Apple stops developing CSAM detection system for iPhone users


Last year, Apple announced that iCloud Photos would be able to detect inappropriate material in users’ photos based on a database of Child Sexual Abuse Material (CSAM) image hashes. While Apple wouldn’t see these photos since it would use on-device processing, it generated a lot of criticism from privacy and security researchers.

Now, after announcing a new Advanced Data Protection for iCloud, the company’s executive Craig Federighi has confirmed that Apple will not roll out the CSAM detection system for iPhone users as the company has stopped developing it.

The information was confirmed during an interview with The Wall Street Journal‘s Joanna Stern. At the time Apple announced the CSAM detection system, privacy and security researchers understood that it could be misused by governments or hackers to gain access to sensitive information on the phone. With that, Federighi announced Apple’s change of plans:

Mr. Federighi said Apple’s focus related to protecting children has been on areas such as communication and giving parents tools to protect children in iMessage. “Child sexual abuse can be headed off before it occurs,” he said. “That’s where we’re putting our energy going forward.”

For example, through its parental-control software, Apple can notify parents who opt in if nude photos are sent or received on a child’s device, but it will no longer develop a system to detect this inappropriate material in users’ photos.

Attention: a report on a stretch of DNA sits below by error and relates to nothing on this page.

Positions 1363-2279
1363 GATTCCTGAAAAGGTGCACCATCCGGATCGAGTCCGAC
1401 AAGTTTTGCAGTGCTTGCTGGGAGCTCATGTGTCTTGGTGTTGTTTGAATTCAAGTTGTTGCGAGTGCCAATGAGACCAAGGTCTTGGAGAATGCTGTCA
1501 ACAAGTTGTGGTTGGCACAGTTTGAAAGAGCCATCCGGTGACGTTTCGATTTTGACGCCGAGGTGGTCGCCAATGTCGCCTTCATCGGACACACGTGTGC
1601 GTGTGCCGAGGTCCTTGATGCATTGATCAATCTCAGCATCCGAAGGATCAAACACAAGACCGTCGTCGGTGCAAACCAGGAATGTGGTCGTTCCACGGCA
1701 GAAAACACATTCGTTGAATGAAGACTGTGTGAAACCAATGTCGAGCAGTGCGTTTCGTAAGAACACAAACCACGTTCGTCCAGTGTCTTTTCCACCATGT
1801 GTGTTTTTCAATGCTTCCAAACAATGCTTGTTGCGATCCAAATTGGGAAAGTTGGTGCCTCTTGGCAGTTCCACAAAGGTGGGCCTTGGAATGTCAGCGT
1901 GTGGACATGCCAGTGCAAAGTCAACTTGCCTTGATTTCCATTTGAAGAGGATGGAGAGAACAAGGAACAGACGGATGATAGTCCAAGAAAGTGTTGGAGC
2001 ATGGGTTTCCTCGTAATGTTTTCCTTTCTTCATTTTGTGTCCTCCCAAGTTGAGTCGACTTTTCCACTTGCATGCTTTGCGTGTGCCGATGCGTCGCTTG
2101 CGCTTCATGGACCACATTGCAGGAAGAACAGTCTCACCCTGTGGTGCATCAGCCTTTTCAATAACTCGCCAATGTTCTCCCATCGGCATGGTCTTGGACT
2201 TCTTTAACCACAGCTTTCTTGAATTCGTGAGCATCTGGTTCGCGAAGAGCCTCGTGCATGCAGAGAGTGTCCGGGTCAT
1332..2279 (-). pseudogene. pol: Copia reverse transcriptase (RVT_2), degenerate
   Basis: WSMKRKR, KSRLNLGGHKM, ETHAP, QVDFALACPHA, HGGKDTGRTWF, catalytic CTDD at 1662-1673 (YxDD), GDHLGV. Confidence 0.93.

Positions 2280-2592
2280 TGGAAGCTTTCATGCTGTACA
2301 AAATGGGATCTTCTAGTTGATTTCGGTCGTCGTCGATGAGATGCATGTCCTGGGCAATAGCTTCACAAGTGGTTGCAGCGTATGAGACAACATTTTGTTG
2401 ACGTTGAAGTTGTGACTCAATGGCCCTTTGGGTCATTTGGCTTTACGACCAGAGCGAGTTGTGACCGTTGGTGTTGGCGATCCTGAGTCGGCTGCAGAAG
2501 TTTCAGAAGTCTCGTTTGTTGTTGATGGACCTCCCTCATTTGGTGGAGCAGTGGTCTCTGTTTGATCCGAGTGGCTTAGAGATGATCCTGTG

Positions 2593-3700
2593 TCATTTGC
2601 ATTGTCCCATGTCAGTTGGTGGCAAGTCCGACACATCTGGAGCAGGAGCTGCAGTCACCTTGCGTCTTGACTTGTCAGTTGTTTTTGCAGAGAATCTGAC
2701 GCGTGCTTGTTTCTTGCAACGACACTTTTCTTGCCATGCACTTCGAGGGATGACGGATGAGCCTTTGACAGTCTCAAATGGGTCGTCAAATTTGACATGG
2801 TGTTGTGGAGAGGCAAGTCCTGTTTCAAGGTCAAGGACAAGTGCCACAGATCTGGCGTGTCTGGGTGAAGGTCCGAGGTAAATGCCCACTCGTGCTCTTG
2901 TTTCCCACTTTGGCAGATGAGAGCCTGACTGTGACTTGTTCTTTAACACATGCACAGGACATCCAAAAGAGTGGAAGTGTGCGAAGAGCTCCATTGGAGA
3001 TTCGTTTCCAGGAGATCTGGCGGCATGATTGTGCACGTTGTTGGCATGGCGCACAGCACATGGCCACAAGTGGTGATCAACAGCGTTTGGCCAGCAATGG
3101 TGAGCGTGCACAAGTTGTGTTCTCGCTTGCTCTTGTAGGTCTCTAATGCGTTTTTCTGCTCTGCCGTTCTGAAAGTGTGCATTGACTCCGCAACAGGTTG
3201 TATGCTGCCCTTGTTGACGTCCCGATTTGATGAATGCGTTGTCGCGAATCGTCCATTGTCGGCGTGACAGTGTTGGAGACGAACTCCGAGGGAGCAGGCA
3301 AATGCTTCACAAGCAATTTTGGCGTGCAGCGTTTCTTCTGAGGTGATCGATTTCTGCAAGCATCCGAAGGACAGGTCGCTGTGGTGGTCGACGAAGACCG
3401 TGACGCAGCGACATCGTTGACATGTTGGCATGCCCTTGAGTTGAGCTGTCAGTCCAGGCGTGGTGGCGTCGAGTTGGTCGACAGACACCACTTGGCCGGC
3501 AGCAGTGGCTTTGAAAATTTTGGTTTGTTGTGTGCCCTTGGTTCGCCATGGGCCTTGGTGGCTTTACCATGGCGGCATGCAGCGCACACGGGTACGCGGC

Image source: Apple Inc.

Apart from that, Apple announced today three important features coming to iPhone users in 2023: Advanced Data Protection for iCloud with 23 data categories now being totally end-to-end encrypted, Security Key, which let people use third-party hardware as a two-authenticator-factor, and iMessage Contact Key Verification so some users can discover whether who’s trying to reach them on iMessage are hackers or not.

“As customers have put more and more of their personal information of their lives into their devices, these have become more and more the subject of attacks by advanced actors,” said Craig Federighi, Apple’s senior vice president of software engineering, in an interview.  Some of these actors are going to great lengths to get their hands on the private information of people they have targeted, he said. 

Original Article

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